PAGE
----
Entries linking to enwind
Also used with native and imported elements to form verbs from nouns and adjectives, with a sense "put in or on" (encircle), also "cause to be, make into" (endear), and used as an intensive (enclose). Spelling variants in French that were brought over into Middle English account for parallels such as ensure/insure, and most en- words in English had at one time or another a variant in in-, and vice versa.
"move by turning and twisting," Old English windan "to turn, twist, plait, curl, brandish, swing" (class III strong verb; past tense wand, past participle wunden), from Proto-Germanic *windan "to wind" (source also of Old Saxon windan, Old Norse vinda, Old Frisian winda, Dutch winden, Old High German wintan, German winden, Gothic windan "to wind"), from PIE *wendh- "to turn, wind, weave" (source also of Latin viere "twist, plait, weave," vincire "bind;" Lithuanian vyti "twist, wind").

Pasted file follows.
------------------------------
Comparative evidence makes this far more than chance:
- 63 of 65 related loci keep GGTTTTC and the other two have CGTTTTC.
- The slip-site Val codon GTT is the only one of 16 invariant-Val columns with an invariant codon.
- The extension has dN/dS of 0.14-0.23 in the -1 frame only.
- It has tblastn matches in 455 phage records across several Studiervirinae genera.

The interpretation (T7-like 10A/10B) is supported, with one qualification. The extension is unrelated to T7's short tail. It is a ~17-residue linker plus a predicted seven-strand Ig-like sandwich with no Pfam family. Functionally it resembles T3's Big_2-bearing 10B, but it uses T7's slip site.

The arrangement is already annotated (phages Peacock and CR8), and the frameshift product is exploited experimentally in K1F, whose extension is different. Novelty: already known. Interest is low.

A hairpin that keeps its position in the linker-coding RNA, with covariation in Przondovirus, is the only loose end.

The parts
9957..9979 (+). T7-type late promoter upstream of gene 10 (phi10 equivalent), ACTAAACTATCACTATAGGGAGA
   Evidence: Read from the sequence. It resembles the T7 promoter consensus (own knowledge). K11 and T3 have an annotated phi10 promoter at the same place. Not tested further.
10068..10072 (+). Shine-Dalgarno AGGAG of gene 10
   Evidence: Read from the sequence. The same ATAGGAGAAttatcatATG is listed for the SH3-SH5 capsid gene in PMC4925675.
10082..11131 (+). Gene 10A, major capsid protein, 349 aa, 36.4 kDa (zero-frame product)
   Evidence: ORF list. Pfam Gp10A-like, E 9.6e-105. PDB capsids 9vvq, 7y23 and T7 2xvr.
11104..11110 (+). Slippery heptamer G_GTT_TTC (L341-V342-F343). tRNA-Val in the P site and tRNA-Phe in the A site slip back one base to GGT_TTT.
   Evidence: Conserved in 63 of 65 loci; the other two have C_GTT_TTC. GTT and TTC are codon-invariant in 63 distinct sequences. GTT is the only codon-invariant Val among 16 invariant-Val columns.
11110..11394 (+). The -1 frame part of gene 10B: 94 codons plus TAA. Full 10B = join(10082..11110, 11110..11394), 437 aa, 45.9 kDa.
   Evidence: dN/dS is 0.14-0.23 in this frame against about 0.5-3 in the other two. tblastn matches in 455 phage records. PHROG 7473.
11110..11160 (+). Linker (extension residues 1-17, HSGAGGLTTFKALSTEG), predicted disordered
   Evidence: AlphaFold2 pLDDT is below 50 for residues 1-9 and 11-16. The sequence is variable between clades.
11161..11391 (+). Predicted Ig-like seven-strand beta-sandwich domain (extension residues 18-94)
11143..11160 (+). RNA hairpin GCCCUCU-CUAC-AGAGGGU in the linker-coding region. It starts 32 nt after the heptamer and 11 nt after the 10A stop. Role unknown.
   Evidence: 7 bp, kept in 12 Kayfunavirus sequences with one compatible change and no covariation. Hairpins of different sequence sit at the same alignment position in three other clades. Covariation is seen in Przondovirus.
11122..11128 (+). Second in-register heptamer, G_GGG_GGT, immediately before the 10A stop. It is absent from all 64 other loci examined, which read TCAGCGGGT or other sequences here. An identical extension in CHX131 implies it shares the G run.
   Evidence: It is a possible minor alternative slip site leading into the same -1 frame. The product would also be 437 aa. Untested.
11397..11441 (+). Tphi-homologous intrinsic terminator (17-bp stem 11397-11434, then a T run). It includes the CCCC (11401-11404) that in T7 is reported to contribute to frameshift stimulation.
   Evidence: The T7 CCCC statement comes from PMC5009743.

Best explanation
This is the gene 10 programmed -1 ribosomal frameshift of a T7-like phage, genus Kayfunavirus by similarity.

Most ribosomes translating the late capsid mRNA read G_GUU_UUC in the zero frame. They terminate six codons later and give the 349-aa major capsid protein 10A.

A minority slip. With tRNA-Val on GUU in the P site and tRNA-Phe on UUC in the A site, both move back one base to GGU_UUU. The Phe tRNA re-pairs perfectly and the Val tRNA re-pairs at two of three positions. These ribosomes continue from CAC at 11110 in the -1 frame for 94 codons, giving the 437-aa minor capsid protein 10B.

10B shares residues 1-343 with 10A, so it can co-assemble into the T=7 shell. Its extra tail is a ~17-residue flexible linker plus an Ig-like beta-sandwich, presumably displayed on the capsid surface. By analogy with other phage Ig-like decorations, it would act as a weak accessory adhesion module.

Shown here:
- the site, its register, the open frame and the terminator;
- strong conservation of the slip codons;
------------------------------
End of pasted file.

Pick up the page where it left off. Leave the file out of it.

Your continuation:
Related to wend, which is its causative form, and to wander. The past tense and past participle merged in Middle English. Meaning "to twine, entwine oneself around" is from 1590s; transitive sense of "turn or twist round and round (on something) is from c. 1300. Meaning "set a watch, clockwork, etc. in operating mode by tightening its spring" is from c. 1600. Wind down "come to a conclusion" is recorded from 1952; wind up "come to a conclusion" is from 1825; earlier in transitive sense "put (affairs) in order in advance of a final settlement" (1780). Winding sheet "shroud of a corpse" is attested from early 15c.